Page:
“Ghost in the Machine” – A famous phrase that never went away

Ghost in the machine is a phrase coined by the Oxford philosopher Gilbert Ryle in Concept of Mind (1949) to pejoratively describe René Descartes‘ (1596-1650)  dualistic view of the mind-body relationship.

Sting and The Police were becoming cultural icons in the late 70s to early 80s when they released Ghost in the Machine

The phrase has been used by Arthur Koester in his 1967 book The Ghost in the Machine and also by the pop band The Police in their album Ghost in the Machine (1981).  The sci-fi film Ghost in the Machine (1993) depicts a killer whose soul enters a computer system.

In a play on words, episode three of the BBC sci-fi series Torchwood is called “Ghost Machine” (2006) to depict an alien technology that traces emotional imprints and scenes lingering in specific places after they occur.¹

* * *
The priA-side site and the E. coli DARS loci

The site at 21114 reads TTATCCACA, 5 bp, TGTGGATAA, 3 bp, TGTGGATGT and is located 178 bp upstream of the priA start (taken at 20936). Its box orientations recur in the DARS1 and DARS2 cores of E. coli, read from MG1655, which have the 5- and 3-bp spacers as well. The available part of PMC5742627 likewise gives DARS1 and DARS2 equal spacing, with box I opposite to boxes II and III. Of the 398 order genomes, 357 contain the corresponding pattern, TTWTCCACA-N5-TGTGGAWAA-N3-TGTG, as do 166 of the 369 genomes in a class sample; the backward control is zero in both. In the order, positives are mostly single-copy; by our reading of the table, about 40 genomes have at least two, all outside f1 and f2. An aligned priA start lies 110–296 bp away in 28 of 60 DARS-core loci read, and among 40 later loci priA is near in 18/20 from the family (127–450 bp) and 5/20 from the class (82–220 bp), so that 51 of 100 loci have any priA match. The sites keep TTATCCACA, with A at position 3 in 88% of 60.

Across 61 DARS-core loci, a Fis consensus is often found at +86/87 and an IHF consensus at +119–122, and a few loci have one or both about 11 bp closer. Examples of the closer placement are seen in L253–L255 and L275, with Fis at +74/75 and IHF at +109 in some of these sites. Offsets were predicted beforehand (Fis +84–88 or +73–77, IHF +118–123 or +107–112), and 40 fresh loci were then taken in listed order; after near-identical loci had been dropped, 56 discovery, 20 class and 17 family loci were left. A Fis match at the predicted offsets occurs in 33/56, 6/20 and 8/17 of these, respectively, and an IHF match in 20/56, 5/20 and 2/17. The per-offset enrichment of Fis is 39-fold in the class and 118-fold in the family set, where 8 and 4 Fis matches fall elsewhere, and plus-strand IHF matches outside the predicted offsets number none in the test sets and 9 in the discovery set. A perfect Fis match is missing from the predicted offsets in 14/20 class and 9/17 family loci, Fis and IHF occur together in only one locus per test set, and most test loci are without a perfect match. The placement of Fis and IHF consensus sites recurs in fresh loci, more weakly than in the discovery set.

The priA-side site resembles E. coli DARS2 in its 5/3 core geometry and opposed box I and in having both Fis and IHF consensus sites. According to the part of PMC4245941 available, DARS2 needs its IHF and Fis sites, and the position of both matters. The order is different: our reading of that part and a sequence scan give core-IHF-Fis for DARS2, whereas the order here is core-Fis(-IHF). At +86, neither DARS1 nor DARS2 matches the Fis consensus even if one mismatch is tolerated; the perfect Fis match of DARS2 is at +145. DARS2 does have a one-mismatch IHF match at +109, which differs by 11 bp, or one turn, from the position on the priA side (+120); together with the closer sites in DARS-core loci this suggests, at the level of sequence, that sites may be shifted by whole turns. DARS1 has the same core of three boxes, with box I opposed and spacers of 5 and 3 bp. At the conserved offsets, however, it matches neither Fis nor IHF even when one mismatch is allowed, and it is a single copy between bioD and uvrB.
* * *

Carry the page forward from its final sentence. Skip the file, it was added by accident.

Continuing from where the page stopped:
More recently the phrase has been used by artificial intelligence (AI) enthusiasts and critics, specifically by those wondering if machines possess or may eventually possess consciousness.²

¹ These are just a few examples of this phrase being adapted to pop culture. For a more complete list see, https://en.wikipedia.org/wiki/Ghost_in_the_Machine

² Recently a Google engineer made headlines when he spoke his own mind on the topic: https://www.google.com/search?q=porgrammers+says+ai+is+conscious&oq=porgrammers+says+ai+is+conscious


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